“The Fighting Preacher” tells the story of middleweight-turned-missionary Willard Bean, who, with wife Rebecca, steps into the religious ring in 1915, trying to reestablish Mormonism in the place of its birth: Palmyra, N.Y.

The pugilist-proselytizer — whose mission lasts nearly a quarter century — trades plenty of jabs and gibes with unfriendly locals but eventually wins acceptance not with his fists but his heart.

Little ones lost

(Photo courtesy of The Church of Jesus Christ of Latter-day Saints) A portion of the Pioneer Children’s Memorial at This Is the Place Heritage Park in Salt Lake City. The names of more than 650 children who died during the 19th-century emigration to Utah are etched in 17 large stones.

A new memorial honors the more than 650 children who took part in the great Mormon migration of the mid-1800s but never made it to the Salt Lake Valley.

The youngsters’ names are etched in 17 large stones at This Is the Place Heritage Park on Salt Lake City’s east bench, accompanied by 47 bronze statues that detail many of their stories.

“We must never forget that those early pioneers survived because they had great faith — as you know, the faith that built this marvelous community,” senior apostle M. Russell Ballard said. “Many of [them] were limited in their education. Some of them could not read or write. But they knew deep in their hearts that God the Father and his son Jesus Christ would always be with them.”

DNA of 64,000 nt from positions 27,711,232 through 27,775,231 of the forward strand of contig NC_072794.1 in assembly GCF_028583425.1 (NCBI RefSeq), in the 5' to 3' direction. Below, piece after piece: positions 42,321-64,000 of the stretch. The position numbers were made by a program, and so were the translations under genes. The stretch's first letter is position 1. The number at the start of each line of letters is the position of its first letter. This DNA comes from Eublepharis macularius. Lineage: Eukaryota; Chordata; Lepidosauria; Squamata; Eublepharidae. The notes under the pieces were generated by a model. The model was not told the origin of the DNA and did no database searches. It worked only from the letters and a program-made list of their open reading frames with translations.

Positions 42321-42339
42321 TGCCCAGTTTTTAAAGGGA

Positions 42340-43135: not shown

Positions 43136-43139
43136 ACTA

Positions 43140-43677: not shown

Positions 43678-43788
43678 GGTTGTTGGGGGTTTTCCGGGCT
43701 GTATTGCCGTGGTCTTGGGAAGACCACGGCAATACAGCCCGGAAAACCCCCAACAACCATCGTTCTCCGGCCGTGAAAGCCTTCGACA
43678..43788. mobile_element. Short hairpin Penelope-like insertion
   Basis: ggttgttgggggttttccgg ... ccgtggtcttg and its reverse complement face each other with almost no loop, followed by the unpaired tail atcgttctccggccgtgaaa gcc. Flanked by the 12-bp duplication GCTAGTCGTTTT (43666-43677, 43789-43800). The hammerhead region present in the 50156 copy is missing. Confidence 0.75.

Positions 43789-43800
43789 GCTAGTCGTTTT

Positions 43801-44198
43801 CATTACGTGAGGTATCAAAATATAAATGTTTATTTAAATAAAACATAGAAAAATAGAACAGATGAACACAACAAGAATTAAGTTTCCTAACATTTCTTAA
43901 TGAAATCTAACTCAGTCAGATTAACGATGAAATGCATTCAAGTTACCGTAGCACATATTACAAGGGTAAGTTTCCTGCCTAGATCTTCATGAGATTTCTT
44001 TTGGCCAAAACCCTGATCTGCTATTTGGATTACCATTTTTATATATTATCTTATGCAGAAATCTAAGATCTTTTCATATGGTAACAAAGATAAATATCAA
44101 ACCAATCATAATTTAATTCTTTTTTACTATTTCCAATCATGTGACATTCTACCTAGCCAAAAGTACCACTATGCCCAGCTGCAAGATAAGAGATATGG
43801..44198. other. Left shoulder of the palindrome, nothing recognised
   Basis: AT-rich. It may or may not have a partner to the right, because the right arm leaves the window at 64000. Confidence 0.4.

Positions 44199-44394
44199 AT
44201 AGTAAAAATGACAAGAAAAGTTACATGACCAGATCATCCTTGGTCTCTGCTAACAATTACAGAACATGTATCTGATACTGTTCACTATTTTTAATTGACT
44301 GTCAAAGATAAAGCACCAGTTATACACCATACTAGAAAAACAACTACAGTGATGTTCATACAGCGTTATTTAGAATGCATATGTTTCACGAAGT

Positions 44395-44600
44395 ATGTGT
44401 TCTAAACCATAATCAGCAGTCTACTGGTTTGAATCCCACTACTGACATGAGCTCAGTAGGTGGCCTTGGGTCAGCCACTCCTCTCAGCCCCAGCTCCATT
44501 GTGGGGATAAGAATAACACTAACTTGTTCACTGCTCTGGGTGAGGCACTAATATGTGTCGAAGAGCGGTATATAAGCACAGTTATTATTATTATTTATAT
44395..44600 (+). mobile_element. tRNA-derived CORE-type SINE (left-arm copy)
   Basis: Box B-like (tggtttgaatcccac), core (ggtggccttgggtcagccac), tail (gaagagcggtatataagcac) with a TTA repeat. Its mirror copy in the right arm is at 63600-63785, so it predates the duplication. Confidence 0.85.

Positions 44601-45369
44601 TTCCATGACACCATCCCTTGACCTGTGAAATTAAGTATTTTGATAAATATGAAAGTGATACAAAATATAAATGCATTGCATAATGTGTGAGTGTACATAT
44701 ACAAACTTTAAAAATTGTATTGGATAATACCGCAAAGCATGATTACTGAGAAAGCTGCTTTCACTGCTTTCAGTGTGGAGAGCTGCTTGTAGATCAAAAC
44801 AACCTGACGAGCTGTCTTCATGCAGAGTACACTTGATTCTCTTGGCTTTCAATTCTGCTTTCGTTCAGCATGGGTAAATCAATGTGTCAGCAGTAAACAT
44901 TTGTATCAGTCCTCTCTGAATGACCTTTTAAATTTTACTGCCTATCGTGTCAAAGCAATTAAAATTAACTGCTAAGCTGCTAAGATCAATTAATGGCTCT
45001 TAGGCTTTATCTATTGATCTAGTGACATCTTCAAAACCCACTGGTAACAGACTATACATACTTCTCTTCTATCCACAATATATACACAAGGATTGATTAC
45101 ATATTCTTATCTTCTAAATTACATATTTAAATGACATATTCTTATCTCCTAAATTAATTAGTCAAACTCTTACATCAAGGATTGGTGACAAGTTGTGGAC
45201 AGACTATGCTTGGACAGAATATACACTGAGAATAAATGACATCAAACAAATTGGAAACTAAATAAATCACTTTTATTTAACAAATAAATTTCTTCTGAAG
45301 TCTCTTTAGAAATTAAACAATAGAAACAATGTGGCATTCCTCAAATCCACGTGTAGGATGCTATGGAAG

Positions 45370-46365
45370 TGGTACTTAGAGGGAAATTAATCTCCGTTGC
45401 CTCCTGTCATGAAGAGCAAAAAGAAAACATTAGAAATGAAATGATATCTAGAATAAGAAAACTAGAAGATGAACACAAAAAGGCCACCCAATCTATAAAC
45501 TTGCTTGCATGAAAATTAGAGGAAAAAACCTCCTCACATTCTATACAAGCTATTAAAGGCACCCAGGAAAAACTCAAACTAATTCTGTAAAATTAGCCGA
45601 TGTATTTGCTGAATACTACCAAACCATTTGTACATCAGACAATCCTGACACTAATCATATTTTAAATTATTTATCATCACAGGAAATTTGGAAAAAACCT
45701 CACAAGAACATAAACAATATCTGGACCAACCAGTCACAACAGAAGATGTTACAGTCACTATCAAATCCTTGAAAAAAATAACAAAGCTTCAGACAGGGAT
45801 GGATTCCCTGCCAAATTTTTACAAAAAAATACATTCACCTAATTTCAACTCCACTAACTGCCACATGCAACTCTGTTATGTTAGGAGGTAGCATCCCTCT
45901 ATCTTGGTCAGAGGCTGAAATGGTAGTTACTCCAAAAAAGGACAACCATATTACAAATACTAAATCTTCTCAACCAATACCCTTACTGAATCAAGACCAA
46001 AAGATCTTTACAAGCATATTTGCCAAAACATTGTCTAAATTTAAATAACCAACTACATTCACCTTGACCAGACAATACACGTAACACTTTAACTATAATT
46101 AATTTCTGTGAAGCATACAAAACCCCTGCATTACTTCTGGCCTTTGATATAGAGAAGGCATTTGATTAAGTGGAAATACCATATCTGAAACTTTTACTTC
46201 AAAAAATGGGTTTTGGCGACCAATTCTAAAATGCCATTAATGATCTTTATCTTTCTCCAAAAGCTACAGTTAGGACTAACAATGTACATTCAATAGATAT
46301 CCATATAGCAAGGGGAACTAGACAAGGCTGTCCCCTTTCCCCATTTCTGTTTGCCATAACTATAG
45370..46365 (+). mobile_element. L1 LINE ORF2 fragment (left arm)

Church leaders also pointed to the pioneering efforts of today’s immigrants.

“Utah is becoming more and more ethnically diverse [and] they’re all pioneers. So, this is really a way for us to highlight what Utah stands for,” general authority Seventy Craig C. Christensen said in a news release. “We hope it’s not lost that this is a memorial for children. And part of the sacredness of the gathering was the sacrifice that little children made, and mothers and fathers made to get here. And we see that in Utah today. You see immigrants coming here, looking for a better life and focusing on what they have to do to make a better life for their children.”

Putting heat on ICE

(Michael Mangum | Special to The Tribune) Claudia Loayza of South Jordan speaks to the crowd during a protest outside the U.S. Immigration and Customs Enforcement Field Office in West Valley City on Wednesday, July 24, 2019.

The immigrant theme continued this week when dozens of Utahns spent their Pioneer Day holiday honoring not only yesteryear’s Latter-day Saint ancestors but today’s pioneers as well: immigrants.

Protesting current U.S. treatment of immigrants and refugees, they sang hymns, quoted scriptures and prayed.

“As a Christian, as an LDS woman and as a Latina,” Claudia Loayza said, “I think we need to remind ourselves of our principles.”

Read one T-shirt: “Who would Jesus deport?”